Am I due a PPI Tax Rebate?
A PPI tax refund partly includes an interest payment at a rate of 8% of your PPI refund total. The interest element of your PPI refund is taxable (not your PPI refund) with 20% tax usually deducted automatically before you receive your refund.
The 20% tax deduction is passed on to HMRC because the interest from a PPI refund is classed as savings income and is paid to HMRC automatically to make sure they receive any tax due.
It is reported that most people don’t need to pay the tax on their PPI refund interest payments and if that’s the case you can claim the tax back from HMRC.
Why can I claim a PPI Tax Rebate?
The PPI interest element of a PPI refund is seen by HMRC as savings income and tax is payable on savings income if the value of your savings is over the personal savings allowance.
If the value of your savings is below the personal savings allowance which is £1000 for most people tax is not payable. Higher rate taxpayers have a personal savings allowance of £500.
The fact that most taxpayers don’t receive interest from savings over £1000 is the reason why so many people are due tax back from their PPI refund payout.
If in the year(s) of a PPI refund payment you didn’t earn enough to pay any tax you are also eligible to make a claim where tax has been deducted.
How do I know if I have paid tax on my PPI refund?
The interest deduction should show on your PPI refund payout statement and if it doesn’t you can ask for a certificate from the organisation that paid you your PPI refund.
How do I claim a PPI Tax Rebate?
To claim your PPI tax rebate HMRC need you to complete an R40 form which is specifically for claiming back a tax refund from savings and investments.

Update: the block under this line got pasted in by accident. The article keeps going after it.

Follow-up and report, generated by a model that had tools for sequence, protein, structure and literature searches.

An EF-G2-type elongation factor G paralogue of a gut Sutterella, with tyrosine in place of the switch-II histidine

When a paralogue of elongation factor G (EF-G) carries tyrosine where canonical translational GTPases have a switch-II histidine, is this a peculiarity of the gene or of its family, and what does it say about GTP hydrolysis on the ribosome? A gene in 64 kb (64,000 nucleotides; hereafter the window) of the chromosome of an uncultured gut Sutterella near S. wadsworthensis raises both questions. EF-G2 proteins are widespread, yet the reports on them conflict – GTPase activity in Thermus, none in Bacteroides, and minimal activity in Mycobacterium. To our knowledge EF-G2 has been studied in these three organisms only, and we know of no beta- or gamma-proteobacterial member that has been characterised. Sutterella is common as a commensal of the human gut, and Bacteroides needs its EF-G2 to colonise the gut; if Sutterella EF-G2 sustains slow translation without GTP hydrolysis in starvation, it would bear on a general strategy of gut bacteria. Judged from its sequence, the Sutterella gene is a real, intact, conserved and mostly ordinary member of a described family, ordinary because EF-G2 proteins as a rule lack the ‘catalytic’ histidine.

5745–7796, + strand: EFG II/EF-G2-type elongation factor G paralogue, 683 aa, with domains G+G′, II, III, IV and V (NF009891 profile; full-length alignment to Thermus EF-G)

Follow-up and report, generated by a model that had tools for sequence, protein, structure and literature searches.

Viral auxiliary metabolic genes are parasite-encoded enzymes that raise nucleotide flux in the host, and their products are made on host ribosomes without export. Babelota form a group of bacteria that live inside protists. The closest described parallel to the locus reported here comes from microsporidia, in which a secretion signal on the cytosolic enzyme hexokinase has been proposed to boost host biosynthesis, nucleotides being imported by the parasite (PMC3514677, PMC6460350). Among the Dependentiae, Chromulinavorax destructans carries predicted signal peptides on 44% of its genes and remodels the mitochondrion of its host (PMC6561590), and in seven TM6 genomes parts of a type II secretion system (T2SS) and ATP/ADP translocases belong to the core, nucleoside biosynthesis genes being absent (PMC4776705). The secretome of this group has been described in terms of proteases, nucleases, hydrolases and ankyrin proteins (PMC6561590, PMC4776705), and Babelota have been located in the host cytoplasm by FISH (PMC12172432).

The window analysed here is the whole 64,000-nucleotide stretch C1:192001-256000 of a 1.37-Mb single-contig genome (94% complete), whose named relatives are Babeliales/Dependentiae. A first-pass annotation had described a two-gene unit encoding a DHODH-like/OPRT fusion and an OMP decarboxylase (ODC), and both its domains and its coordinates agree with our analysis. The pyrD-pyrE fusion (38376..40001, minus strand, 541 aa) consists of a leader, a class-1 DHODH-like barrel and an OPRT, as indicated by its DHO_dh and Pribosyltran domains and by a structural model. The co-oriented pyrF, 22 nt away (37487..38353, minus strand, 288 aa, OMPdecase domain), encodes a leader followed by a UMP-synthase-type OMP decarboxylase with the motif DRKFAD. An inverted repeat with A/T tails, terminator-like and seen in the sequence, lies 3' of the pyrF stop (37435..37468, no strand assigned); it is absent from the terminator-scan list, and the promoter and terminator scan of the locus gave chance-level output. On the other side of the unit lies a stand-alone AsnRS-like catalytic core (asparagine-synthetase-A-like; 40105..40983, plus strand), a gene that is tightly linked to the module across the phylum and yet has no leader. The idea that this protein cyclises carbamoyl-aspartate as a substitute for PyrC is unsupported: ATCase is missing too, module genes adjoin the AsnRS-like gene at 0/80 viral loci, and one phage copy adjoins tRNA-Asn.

You can complete the R40 online through your personal tax account or you can print the R40 off and post it to HMRC at the address on the form.
The R40 form can also be posted to you by calling HMRC on 0300 200 3300.
If you complete a self assessment tax return you won’t need the R40 form and should include your interest figures in the appropriate section of your tax return.
PPI Tax Rebate claim form R40
A separate R40 will need to be completed for each tax year of your claim and if you had a joint agreement both parties of the agreement will need to claim separately.
The PPI related figures you will need to complete the R40 will usually be shown on your PPI payout statement in a similar format to the below:
- Gross interest @ 8%.
- Tax taken off at 20%.
- Net interest.
The main boxes to complete on your R40 are:
Box 1 which needs you to include your personal details including your national insurance number.
Box 2 is for your income information which can be found on your past P60 or P45 statements.
Box 3 needs you to enter your PPI interest figure along with any other savings interest.
Box 3.2 requires the sum of tax taken off any PPI refund interest and any other savings.
Box 11 lets you enter the way in which you will would like any repayment of tax to be refunded to you and don’t forget to sign box 12.
How far back can I claim a PPI Tax Rebate?
HMRC allow you to make a PPI tax rebate claim for the last four tax years. If you miss the four year deadline you will miss out on the tax rebate due from your PPI refund.
For a backdated PPI refund claim you will need to amend previous tax returns within the self assessment amendment deadlines.
PPI Tax Rebate and your Personal Savings Allowance
The personal savings allowance (PSA) is available to everyone who pays tax at the basic rate and higher rate tax bands.
It’s basically a sum of interest you can receive as income without having to pay tax on it. There is also a starter rate for savings allowance for people on lower incomes which has a value up to £5000 per tax year.
How much is a PPI Tax Rebate worth?
The tax deducted from a PPI refund is at a rate of 20% which means for every £100 of PPI refund interest received a £20 tax deduction is automatically charged.
The value of your overall PPI tax rebate will depend on the level of your total income and tax paid in each year of your claim.
If you didn’t earn enough to pay tax or your income from interest was within the personal savings allowance you should be entitled to a full refund of all of the tax you paid on your PPI refund.